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Dermatitis, also known as eczema, is a skin irritation characterized by red, flaky skin, sometimes with cracks or tiny blisters. Dermatitis is extremely itchy, but scratching damages the fragile skin and exacerbates the problem so it is important to leave the area alone.

There are several causes of dermatitis, but the most common ones are related to allergies. Atopic eczema, the most common, is caused by general systemic allergic reactions, as opposed to contact with an irritant. It is very common in people with related allergic conditions, including asthma or chronic hay fever[?]. Allergic contact dermatitis, as the name implies, is the result of direct contact with an irritant. One of the most common causes of this form are buttons and rivets in jeans, which contain nickel. Irritant contact dermatitis is similar but is caused by a reaction to some chemical substance, often unrinsed detergents left on clothing or various household chemicals being handled. Stress and anxiety often make otherwise minor outbreaks spread.

Several other forms appear unrelated to the main allergic causes. Infantile seborrhoeic eczema, also known as cradle cap, forms on the head and quickly spreads. It looks like normal dermatitis, but apparently doesn't itch and eventually goes away on it's own. Varicose eczema occurs later in life, the result of poor circulation in the legs. Finally discoid eczema suddenly appears as small disk shaped spots of severe dermatitis, but disappear on their own.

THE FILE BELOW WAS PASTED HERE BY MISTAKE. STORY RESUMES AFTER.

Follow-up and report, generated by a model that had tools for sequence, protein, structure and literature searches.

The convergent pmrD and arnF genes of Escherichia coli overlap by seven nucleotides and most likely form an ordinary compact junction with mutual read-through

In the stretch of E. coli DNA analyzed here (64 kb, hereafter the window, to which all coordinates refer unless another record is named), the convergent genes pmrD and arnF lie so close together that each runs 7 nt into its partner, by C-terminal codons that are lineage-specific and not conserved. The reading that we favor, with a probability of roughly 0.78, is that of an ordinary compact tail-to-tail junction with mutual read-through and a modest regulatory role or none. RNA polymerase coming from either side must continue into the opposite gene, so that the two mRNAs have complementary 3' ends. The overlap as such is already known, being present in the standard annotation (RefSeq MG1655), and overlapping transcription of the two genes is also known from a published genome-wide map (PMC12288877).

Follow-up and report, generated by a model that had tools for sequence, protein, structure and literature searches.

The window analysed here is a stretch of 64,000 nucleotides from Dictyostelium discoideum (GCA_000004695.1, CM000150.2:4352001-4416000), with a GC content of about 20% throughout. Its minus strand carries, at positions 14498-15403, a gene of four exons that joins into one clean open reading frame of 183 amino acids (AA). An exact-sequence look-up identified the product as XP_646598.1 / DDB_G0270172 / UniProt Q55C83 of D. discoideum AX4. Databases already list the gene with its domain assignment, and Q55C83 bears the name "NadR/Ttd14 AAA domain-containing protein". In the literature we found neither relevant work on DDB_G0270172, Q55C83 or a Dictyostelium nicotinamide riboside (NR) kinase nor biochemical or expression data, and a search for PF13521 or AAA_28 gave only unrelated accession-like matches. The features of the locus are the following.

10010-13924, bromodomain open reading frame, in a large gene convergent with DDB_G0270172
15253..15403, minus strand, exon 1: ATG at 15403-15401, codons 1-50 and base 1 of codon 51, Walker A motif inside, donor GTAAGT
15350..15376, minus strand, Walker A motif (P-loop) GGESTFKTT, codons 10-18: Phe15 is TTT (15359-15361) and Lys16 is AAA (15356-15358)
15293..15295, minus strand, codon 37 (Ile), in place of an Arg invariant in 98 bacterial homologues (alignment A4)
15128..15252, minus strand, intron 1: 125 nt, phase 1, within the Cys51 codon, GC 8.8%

Dermatitis is often treated with prescribed cortisone creams and lotions, but these must be used sparingly as they cause the skin to become thinner and more fragile with long-term use. Dermatitis severely dries out the skin, and keeping the affected area moistened with vitamin A, D and/or E can promote healing and retain natural moisture. Other than direct treatments of the symptoms, no "cure" for dermatitis is known, and even cortisone treatments often have only minor effects on the problem.

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